I recently ran across Bill Gates’s blog. He was reviewing Yuval Noah Harari’s book Homo Deus: A Brief History of Tomorrow. The title of his post was, “The Purpose Problem: What if People Run Out of Things to Do?”
Gates ironically reflects on what it means to have purpose in one’s life.
I say ironically, because many blame Bill Gates for the current push to replace teachers in our public schools with technology—calling it personalized or competency-based learning.
Not only will teachers lose their profession and their purpose, a whole segment of society will be displaced—careers shattered.
This will drastically affect how and what students learn. Even our youngest children will obtain their knowledge on machines.
Brick and mortar schools will be a thing of the past. Children will learn on devices anyplace and anytime. Or they will attend online charter schools with baby-sitter-like facilitators instead of teachers. Connections to humans for learning will be distant.
Gates ruminates on Harari’s argument that progress towards “bliss, immortality, and divinity” will be unequal and some people will move forward and others will be left behind. He says,
I agree that, as innovation accelerates, it doesn’t automatically benefit everyone. The private market in particular serves the needs of people with money and, left to its own devices, often misses the needs of the poor. But we can work to close that gap and reduce the time it takes for innovation to spread.
He goes on to apply this thinking to closing the gaps when it comes to vaccinations of sick children.
He doesn’t ponder what troubling results can occur when “disruption” through technology happens in our public schools, or what it will mean when there is no more public school system in America.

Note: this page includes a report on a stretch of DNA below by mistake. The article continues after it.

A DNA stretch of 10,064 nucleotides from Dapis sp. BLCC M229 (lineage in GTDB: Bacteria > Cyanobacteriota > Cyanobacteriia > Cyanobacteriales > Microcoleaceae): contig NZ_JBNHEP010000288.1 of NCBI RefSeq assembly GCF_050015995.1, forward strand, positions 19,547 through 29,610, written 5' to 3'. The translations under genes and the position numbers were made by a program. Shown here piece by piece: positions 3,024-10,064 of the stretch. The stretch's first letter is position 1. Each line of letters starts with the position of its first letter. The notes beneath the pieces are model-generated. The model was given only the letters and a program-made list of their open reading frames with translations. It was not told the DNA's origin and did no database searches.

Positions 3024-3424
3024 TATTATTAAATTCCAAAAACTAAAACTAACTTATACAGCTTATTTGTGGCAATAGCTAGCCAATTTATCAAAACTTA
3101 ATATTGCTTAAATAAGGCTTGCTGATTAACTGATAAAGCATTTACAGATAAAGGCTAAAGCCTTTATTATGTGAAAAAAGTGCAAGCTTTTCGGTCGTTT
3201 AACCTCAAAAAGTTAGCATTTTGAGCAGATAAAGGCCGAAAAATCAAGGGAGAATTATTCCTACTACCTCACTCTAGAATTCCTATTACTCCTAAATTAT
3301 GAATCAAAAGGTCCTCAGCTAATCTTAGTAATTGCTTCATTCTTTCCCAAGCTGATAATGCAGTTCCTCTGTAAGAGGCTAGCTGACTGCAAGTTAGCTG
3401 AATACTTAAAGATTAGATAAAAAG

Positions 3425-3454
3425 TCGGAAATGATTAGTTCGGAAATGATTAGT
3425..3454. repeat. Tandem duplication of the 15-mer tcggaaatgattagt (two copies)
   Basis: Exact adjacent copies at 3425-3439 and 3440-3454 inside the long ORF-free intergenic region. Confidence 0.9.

Tech is a Tool, Not a Replacement
Bill Gates goes on in his blog book review,
It is true that as artificial intelligence gets more powerful, we need to ensure that it serves humanity and not the other way around. But this is an engineering problem—what you could call the control problem. And there is not a lot to say about it, since the technology in question doesn’t exist yet.
While schools aren’t turning to robots yet, thank goodness, the reliance on technology to teach students should also be questioned.
The threat of virtual schooling is very real. Betsy DeVos recently said virtual schools are what students need. Yet, there’s little evidence virtual learning is best. And there’s been little community debate.
What physical and mental repercussions will students display in the future due to an all-tech school setting? What purpose will students strive for in the land of machines?
Much harm could be caused by such transformation. The human connection is still and always will be critical.
The Gates Foundation’s Dislike of Teachers
The Bill & Melinda Gates Foundation invest in too many pro-tech corporate school initiatives to mention, including charter schools like Summit which emphasize technology.
They have also invested in many anti-teacher nonprofits and experiments like their project Measures of Effective Teaching (MET). And they influenced the creation and adoption of Common Core State Standards.
Bill Gates has come out in the past against lowering class sizes and teachers getting master’s degrees. It really is no secret that Bill Gates is not a friend to qualified teachers. He supports Teach for America and the Relay Graduate School of Education.
Bill Gates ends his book review pondering how a wealth of information will not be enough for people who will always have social needs.
I think he outlines some serious threats and he succeeds at convincing me this would be an interesting book to read. But I don’t think he had schools in mind when he wrote this review.
Even in a world without war or hunger or disease, we would still value helping, interacting with, and caring for each other.
Aside from family, most people find purpose in their work. The lack of employment and the inability to find work and meaning, or purpose, creates hostility and chaos around the world. And revolutionizing schools by machine does not seem like it will lead to warm and fuzzy results.
Teaching is a social profession by its very nature. More than ever, compassionate teachers are needed in our world today. Real teachers with purpose interact with and teach children where and how they can find purpose.
This bond should not be broken. Tech can never replace this human connection.